Judging others is woven into our society. We judge others’ religious views, appearance, parenting styles and speaking manner. We make immediate assumptions and value judgments on other people’s feelings, past experiences, or hopes for their lives. And while a certain degree of assessment is normal, in the way we assess anything in our physical world, this act of judging is not. At its core, it reflects a deep disconnect within ourselves. It reveals a fractured self, two separate people who live in our heads, one that judges, and the other that is judged.
If you have ever been the subject of another’s judgement, you might be able to relate to the feeling of how intensely uncomfortable it is. When it has happened to me, I have wanted to shrivel up and hide away. I feel a sense of shame, for no reason at all other than someone thinks that I should. And while this is an intensely negative emotional state, it is also an overwhelming physical sensation. After all, our emotions are not just registered in our heads and hearts, they are registered in our entire bodies. In every cell. Every single beautiful cell of mine, innocently minding its own business and carrying out its duties, is judged when you judge me.
Those who are closest to us can hurt us the most with their judgements. In fact, in many families and cultures, this is a way of life. There is a spectrum of our propensity to judge others, and a spectrum of our sensitivity to being on the receiving end. Falling on the more sensitive side of things means we are acutely aware of the physical pain that judgement brings. Being judged, dismissed, or categorized is not a benign action.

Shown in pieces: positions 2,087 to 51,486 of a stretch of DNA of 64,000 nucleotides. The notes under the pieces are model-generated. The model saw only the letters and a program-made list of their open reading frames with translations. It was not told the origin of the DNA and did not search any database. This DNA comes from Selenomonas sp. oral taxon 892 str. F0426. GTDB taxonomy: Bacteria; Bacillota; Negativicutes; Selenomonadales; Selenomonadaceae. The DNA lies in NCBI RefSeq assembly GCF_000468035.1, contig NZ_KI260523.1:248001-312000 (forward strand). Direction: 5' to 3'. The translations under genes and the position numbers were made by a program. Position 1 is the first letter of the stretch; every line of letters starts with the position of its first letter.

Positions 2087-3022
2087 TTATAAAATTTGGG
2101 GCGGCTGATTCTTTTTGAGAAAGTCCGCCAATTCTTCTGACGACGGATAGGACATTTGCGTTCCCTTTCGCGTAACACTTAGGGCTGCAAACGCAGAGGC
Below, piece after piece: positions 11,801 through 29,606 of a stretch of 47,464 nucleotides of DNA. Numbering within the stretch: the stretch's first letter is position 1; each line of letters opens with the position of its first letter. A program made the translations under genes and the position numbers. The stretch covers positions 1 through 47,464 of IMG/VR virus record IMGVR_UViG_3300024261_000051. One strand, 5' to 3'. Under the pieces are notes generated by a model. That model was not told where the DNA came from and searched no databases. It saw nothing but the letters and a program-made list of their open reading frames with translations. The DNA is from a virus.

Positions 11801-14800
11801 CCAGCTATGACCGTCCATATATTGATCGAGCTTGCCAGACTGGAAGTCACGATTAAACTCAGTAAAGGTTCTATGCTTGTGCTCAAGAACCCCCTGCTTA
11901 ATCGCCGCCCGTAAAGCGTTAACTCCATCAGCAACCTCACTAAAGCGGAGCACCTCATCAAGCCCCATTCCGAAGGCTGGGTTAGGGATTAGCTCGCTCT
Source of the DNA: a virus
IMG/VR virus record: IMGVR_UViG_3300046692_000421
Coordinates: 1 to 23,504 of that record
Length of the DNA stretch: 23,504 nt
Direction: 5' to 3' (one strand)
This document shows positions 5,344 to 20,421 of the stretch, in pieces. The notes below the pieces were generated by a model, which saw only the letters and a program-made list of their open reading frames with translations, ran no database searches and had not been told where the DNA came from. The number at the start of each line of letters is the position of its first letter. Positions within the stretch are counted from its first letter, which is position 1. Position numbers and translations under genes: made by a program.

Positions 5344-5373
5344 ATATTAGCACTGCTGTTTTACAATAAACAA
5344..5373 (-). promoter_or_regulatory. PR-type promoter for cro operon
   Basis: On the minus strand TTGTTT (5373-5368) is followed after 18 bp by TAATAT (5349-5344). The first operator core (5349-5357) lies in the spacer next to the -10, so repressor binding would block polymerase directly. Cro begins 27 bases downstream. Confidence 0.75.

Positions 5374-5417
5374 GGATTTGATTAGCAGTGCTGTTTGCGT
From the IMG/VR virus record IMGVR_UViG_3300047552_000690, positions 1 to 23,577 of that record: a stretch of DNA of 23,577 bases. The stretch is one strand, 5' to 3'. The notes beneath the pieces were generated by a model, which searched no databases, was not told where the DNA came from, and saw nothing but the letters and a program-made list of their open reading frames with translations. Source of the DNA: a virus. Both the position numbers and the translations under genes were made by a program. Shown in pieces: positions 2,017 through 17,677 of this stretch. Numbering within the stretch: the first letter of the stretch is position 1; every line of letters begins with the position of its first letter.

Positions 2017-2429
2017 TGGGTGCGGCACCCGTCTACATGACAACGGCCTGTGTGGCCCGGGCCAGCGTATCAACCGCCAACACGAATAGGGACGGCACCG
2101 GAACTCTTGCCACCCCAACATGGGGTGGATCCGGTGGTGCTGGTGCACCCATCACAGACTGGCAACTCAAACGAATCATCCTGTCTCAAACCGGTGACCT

If you wouldn’t walk around and punch most people you see in the face, then why judge them? Why ridicule someone for their body, race or religion? Why criticize someone for their life choices, just because they aren’t what you would choose for yourself?
The truth is, despite the physical pain that can be caused by being judged, there is a deep emotional pain at the core of the person who is doing the judging. There is a clinging to the need to be separate, which often breeds loneliness and isolation. Every judgement placed on another is like adding a brick to a growing wall whose only function is to disconnect us from each other. The reason people seek this separation is that they don’t feel secure any other way. Judgement is ultimately a preservation of self-identity.
By learning to be present and comfortable within ourselves, we can be present and comfortable with other people. We can throw out all the labels we apply to others, and instead simply see them. This does not mean we stop assessing others in circumstances that call for it (for instance, avoiding a scary person in a dark alleyway, or deciding who to do business with); what it means is that we stop making judgements about each other’s inherent worthiness as human beings. By stopping this, we stop the physical assault that judgment can be for some people. And most importantly, we can stop the assault on ourselves.